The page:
Will your funeral be in the black?

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The Independent Online
IN THE old days you gave your pennies to the life assurance man - perhaps from the Pru or the Pearl - to make sure you could pay for your funeral. Or your child's funeral.

In the case of the child, if he or she survived until 21, when the endowment matured, this would be a useful lump sum to help them to get married and set up home. If the policy-holder died before the endowment was up, there would be enough to pay for the funeral.

Now new pretenders are battling it out for the savings of the ageing and insecure. The main players are Chosen Heritage, Golden Charter and Dignity, as well as the CWS and CRS cooperative societies. These are no longer insurance-based door-to-door companies. Instead they offer pre- paid funeral plans, which persuade you to part with the cost of the funeral now on the promise that they will pay the new price when the time comes.

The plans, if they are properly run, make sense for people anxious to tidy up all their funeral details before they go. Maybe they want to save their relatives the trouble, or perhaps there are no close relatives.

Buyers should beware, however, following the publication of an Office of Fair Trading Report which takes prepaid funeral plans to task. The outgoing director-general, Sir Bryan Carsberg, is deeply critical of the lack of statutory regulation.

So far 150,000 plans have been sold at an average pounds 1,000, and the figure is expected to rise to 500,000 in the next five years.

Sir Bryan's remarks come in the wake of the collapse of two such funeral plan companies, Will Writers of Huddersfield and Green Pastures of Preston.

The report found that there could be a lack of transparency in the contract conditions, in terms of price, specifications of the chosen funeral, items covered by the price guarantee and choice of the funeral director.

Some plans - often the smaller ones - fail to ring-fence funds with trust status. This should safeguard against improper withdrawals from the fund. The report also highlighted a pressing need for regular actuarial valuations, and for fees to be drawn only from surpluses. Further criticism is levelled at charities, principally Age Concern, and old people's homes for endorsing one specific plan over others in the market.

It is unclear whether pre-paid plans represent good value for money. Customers pay a lump sum or by instalments, which are guaranteed to hedge, or partially hedge, against inflation. This is a necessary proviso because funeral prices rose 22 per cent above the retail price index from 1987 to 1993.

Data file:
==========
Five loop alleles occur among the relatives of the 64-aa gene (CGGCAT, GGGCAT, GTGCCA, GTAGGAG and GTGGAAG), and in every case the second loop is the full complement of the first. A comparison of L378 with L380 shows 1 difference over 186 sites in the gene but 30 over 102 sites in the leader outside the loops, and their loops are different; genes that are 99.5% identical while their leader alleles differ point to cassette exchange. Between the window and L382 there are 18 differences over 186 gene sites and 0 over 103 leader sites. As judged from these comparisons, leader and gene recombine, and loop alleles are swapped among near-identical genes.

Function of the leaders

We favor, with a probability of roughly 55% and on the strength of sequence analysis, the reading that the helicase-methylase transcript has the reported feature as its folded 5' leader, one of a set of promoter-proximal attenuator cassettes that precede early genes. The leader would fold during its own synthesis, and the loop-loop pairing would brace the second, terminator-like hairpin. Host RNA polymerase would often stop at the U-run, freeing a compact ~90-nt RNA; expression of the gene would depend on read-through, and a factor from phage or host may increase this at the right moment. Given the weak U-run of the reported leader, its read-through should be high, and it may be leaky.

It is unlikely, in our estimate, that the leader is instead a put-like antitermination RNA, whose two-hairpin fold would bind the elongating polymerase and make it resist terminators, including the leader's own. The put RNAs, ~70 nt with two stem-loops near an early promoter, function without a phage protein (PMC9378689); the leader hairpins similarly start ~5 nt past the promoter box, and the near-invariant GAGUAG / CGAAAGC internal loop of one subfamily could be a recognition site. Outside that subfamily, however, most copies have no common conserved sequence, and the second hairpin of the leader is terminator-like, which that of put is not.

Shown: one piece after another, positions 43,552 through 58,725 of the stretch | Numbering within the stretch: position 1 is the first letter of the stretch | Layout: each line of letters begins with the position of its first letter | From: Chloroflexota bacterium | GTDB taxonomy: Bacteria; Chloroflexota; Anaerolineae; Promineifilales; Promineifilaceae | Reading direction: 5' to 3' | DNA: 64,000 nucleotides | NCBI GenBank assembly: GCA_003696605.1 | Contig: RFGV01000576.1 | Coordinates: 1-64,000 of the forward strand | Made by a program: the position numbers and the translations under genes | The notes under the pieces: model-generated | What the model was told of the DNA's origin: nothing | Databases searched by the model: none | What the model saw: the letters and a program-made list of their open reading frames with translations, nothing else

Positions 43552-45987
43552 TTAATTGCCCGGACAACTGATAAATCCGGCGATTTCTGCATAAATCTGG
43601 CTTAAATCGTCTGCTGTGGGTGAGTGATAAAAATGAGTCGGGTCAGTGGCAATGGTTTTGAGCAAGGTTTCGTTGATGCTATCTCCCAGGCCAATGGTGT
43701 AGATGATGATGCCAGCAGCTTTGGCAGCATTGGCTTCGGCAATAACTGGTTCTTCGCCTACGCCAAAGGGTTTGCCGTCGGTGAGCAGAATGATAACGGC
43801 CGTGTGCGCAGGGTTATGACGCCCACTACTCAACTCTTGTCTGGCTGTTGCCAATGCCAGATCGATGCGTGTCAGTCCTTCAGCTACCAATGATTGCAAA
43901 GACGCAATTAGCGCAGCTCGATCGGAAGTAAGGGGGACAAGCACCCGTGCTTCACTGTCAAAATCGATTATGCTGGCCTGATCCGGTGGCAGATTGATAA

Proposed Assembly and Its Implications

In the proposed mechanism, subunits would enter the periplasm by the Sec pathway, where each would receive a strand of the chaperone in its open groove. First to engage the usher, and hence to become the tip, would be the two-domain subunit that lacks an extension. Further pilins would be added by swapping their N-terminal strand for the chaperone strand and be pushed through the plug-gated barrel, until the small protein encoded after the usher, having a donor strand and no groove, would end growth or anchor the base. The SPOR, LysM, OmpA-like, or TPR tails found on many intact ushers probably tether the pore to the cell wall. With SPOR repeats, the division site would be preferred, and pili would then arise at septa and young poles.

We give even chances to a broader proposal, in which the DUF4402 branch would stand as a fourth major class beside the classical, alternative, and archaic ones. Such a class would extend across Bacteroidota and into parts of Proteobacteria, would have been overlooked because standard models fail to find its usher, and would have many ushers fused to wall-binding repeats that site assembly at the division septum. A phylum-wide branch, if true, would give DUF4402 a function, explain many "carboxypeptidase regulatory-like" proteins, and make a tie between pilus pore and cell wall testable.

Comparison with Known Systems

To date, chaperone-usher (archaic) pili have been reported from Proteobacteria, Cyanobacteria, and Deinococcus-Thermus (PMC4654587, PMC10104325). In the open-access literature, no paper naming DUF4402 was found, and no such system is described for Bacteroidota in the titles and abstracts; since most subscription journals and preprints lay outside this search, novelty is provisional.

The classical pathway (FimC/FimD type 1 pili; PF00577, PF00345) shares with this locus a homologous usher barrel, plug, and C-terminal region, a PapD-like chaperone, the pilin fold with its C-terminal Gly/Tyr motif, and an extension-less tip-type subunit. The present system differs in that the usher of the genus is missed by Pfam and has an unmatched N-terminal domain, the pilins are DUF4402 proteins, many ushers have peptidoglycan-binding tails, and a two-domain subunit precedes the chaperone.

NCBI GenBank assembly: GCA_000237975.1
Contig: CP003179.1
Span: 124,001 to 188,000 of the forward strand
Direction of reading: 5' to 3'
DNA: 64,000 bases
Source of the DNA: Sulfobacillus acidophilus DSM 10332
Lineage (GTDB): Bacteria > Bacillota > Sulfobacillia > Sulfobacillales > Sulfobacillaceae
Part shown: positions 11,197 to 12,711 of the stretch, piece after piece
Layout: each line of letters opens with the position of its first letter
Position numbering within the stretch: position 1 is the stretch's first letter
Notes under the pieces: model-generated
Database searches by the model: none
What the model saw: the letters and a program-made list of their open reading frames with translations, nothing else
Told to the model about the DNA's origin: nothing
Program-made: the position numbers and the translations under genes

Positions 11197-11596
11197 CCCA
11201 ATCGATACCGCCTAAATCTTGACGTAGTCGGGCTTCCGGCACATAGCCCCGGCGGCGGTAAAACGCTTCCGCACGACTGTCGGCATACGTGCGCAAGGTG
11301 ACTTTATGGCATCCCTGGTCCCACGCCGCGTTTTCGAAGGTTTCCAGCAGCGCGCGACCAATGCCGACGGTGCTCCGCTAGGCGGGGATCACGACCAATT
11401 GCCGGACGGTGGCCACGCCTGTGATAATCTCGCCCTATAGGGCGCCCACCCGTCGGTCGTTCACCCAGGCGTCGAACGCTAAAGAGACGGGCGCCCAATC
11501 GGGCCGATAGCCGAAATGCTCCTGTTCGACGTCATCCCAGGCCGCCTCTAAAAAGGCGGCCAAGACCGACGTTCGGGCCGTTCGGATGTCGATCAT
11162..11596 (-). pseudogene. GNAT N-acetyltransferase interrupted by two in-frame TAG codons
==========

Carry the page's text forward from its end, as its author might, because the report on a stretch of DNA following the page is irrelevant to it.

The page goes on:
Some providers, among them Chosen Heritage, the largest in the market, will soon guarantee only core services. They will no longer cover inflation over a certain level on ''disbursements'' - cremation, burial, clergy, organist, doctor's fees and the like, which have recently undergone the steepest price rises.

Mark Dear of Holden Meehan, the independent financial advisers, is sceptical about the value of these plans.

''As a short- term thing, maybe they give peace of mind. But I wouldn't touch them as a long-term investment.''

On the positive side, prices are determined by companies at a national level. So residents of the South-east, South-west and Scotland, where funeral prices are higher, may get a cheaper deal.

When choosing a plan, it is imperative to shop around.

q Check the money will go straight away into an independent trust fund with recognised independent custodian trustees.

q Make sure you know what you're getting for the money. Check for exclusions. Are basic disbursements covered? Can you nominate a funeral director?

q Does the plan cover inflation in all services purchased?

q If you later decide to cancel your plan, does the company guarantee to refund your money in full? Beware of ''discretionary'' refunds.

q Check the company is in one of the two trade associations, the National Association of Pre-Paid Funeral Plans or the Funeral Planning Council.